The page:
Economics and Ecosystems
Show Less

Economics and Ecosystems

Efficiency, Sustainability and Equity in Ecosystem Management

Lars Hein

Economics and Ecosystems demonstrates how the concepts of economic efficiency, sustainability and equity can be applied in ecosystem management. The book presents an overview of these three concepts, a framework for their analysis and modelling, and three case studies. Specific attention is given to how complex ecosystem dynamics, such as thresholds or irreversible responses, influence ecosystem management options. The case studies focus on ecosystem dynamics and ecosystem services supply in a forest ecosystem, a Dutch wetland, and a rangeland in the Western Sahel.
Buy Book in Print
Show Summary Details
You do not have access to this content

Chapter 4: Modelling the Efficiency and Sustainability of Forest Management

Lars Hein


INTRODUCTION This chapter shows how dynamic systems ecological–economic modelling, as presented in Chapter 3, can be applied to analyse the efficiency and sustainability of ecosystem management options. The case of a hillside forest supplying two ecosystem services, wood production and erosion control, is used as an example. In this chapter, a basic model of a hypothetical forest ecosystem is developed, and the model parameters are quantified on the basis of representative values based on literature. The forest model comprises two components: forest cover and topsoil. In order to obtain consistency between the parameters, as much as possible, values related to a US Douglas fir forest stand are used. The specific objectives of the chapter are to: (1) model the productivity of a forest, in two cases, a reversible and an irreversible response to high harvesting pressure; and (2) demonstrate the difference between efficient and sustainable rotation periods, and identify intermediate management options ensuring higher economic efficiency as well as long-term sustainability. The ecological–economic model developed in this chapter presents a deviation from the Faustmann models that have often been used to optimise rotation periods (Tahvonen, 1991). Faustmann models are algebraic optimisation models, and the basic principle of this type of models is that, for the economic efficient rotation period, the marginal value of the growth of the timber stock equals the marginal opportunity costs of not harvesting. The opportunity costs depend upon the costs of capital and the interest foregone on the site value of the land (Faustmann,...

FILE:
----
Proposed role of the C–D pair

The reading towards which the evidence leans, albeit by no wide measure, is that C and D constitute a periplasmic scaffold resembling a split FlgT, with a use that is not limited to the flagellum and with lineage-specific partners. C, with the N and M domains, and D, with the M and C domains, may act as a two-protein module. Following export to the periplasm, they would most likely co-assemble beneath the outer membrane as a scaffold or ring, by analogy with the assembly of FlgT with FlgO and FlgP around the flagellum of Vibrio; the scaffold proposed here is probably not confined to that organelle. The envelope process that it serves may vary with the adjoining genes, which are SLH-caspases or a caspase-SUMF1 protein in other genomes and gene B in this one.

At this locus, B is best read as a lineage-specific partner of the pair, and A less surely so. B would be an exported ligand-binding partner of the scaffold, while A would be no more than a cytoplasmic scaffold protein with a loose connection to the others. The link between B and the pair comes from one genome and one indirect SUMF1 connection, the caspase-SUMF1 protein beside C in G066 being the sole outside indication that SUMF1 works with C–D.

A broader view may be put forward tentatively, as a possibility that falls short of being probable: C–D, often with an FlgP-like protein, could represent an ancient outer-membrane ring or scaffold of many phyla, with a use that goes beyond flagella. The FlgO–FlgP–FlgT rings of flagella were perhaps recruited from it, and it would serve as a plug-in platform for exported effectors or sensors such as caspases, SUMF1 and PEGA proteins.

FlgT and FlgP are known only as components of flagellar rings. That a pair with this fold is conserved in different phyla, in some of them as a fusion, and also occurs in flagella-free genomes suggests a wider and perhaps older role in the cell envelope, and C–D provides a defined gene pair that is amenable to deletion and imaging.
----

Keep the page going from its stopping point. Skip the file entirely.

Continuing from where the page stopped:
You are not authenticated to view the full text of this chapter or article.

Elgaronline requires a subscription or purchase to access the full text of books or journals. Please login through your library system or with your personal username and password on the homepage.

Non-subscribers can freely search the site, view abstracts/ extracts and download selected front matter and introductory chapters for personal use.

Your library may not have purchased all subject areas. If you are authenticated and think you should have access to this title, please contact your librarian.

Further information

or login to access all content.